The integrated approach of this Forum invites us to address these challenges from a shared perspective that recognizes the significant linkages between agriculture, forests, and mountains. The landscape approach – is based on a deeply rooted forestry tradition: watershed management. Suffice it to recall the name of the forestry career in Francophone countries since the establishment of the School of Nancy in 1824 (Ingénieurs des Eaux et Forêts). By overcoming sectoral barriers or a particular land use or activity, one can achieve economies of scale in social and political terms (communication) and find synergies while building new partnerships. We could mention as examples forest restoration, agroforestry, silvo-pastoral models, the relationship between mangroves and fisheries, and pollination. Looking to the future we should pay more attention to the water issue. This new paradigm must place rural people and their legitimate aspirations to human development at the centre of attention and as point of convergence of different sectors and activities.
But we also have good news, suggesting that we are on the right track. During the recent ICN-2 which took place at FAO Headquarters in Rome a few weeks ago, world leaders agreed on the establishment of national policies to eradicate malnutrition and transform agri-food chains so as to ensure adequate and universally affordable diets. There was widespread agreement at ICN-2 with respect to the limits of the planet and the environmental dimension of this collective effort. As emphasized at Rio+20, the 3 pillars of sustainability cannot be addressed in isolation.
ICN-2 recalled the need to address the linkages between food and health while increasing the recognition of how much health depends on the environmental conditions – especially of air and water – where people live, which also highlights the importance of peri-urban forests. We have to redesign agriculture not only to be ready by 2050 to feed a planet with 9 000 million people, having overcome hunger and poverty, but to do so with healthy diets.
The emerging terminology of climate-smart agriculture seeks to place agriculture as a central solution for many challenges, particularly climate change in both its adaptation and mitigation aspects. It also aims to legitimately improve production and income, especially for small farmers. The Global Alliance for Climate-Smart Agriculture launched at the Climate Summit by the UN Secretary-General in September should serve as a platform to support action in this area.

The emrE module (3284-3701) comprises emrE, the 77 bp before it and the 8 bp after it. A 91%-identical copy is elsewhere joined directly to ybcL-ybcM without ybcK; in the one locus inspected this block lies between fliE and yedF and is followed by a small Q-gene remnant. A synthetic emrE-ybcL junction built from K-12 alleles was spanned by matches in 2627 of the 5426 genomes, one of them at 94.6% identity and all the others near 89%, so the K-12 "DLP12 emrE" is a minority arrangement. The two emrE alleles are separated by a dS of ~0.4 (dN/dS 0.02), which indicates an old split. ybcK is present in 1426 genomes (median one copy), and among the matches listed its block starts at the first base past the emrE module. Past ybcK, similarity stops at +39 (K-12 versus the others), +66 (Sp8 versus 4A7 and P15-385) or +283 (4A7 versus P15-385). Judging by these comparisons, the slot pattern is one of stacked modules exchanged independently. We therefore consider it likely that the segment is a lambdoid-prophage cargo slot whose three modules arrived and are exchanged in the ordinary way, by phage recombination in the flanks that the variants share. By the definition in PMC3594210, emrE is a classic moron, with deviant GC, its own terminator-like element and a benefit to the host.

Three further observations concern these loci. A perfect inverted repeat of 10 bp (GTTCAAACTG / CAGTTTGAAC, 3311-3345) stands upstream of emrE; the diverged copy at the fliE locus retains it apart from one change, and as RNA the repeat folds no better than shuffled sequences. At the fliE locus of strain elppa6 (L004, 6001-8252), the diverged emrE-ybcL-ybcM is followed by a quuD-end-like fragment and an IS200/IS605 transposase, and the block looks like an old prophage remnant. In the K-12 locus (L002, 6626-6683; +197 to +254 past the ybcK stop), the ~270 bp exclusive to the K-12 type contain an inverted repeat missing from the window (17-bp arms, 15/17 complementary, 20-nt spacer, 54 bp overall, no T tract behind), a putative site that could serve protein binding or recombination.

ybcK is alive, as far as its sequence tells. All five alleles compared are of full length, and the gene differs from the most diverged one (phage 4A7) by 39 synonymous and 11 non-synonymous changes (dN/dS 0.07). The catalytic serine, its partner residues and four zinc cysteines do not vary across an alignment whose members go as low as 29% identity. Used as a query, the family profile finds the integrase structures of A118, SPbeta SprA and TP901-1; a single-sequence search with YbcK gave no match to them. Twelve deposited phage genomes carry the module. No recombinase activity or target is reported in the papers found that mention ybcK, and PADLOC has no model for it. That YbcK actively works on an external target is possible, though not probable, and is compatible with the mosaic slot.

REDD + is one of the most immediate mitigation opportunities which provides substantial environmental and social co-benefits. We find that countries are making considerable progress in this area with the support of numerous international partners that include UN-REDD (formed by UNDP, UNEP and FAO and supporting 56 countries) and the Forest Carbon Partnership Facility of the World Bank.
An increasing number of countries have pledged to restore significant areas of land under the Bonn Challenge 2011 and the Aichi targets. As a contribution in this area, FAO has recently launched the Forest Landscape Restoration Facility which aims to support countries in their efforts towards forest restoration. We would like to mention in this context also the Global Soil Partnership, the Forest and Farm Facility and the Mountain Partnership, hosted by FAO.
Finally we must remember that rural areas and activities are also the source of renewable bio-materials (wood, bamboo, fibres, etc.) that will allow us to follow a path towards greener and lower carbon economies, thanks to the invaluable substitution effect. New developments in the chemical, textile, construction and energy industries are opening up new opportunities to diversify and improve the living conditions of the rural population, encourage entrepreneurship and optimize the use of by-products. This is possible as long as competition with food production is avoided and sustainability limits are respected.
To achieve the paradigm shift advocated by this Forum we have to innovate at both the scientific and technological levels as well as at a conceptual level with the aim of achieving rural territories that are more resilient, able to protect us from disasters, effective in the use of resources, and productive in terms of goods and services, while we ensure rural development that is inclusive and respectful of the environment.
All actors must be involved. The example of the Committee on Food Security, hosted in FAO, can inspire us along the way. The Voluntary Guidelines on the Responsible Governance of Tenure of Land, Fisheries and Forests in the Context of National Food Security, approved in 2012 by the Committee, offer an inspiring example to follow in such a crucial, as well as politically sensitive, area for the future of rural societies.
The relentless process of urbanization which is taking place on all continents should not lead us to believe the illusion that modern society will be less dependent on rural areas. Quite the contrary, the challenges that society faces today require much more of its territory, resources, activities and population, as well as of its traditional knowledge, than in the past. This Forum, which, on behalf of FAO, I have the honour to contribute to opening today, should guide us to respond optimally to these emerging issues. I wish you all fruitful discussions and thank you for your kind attention!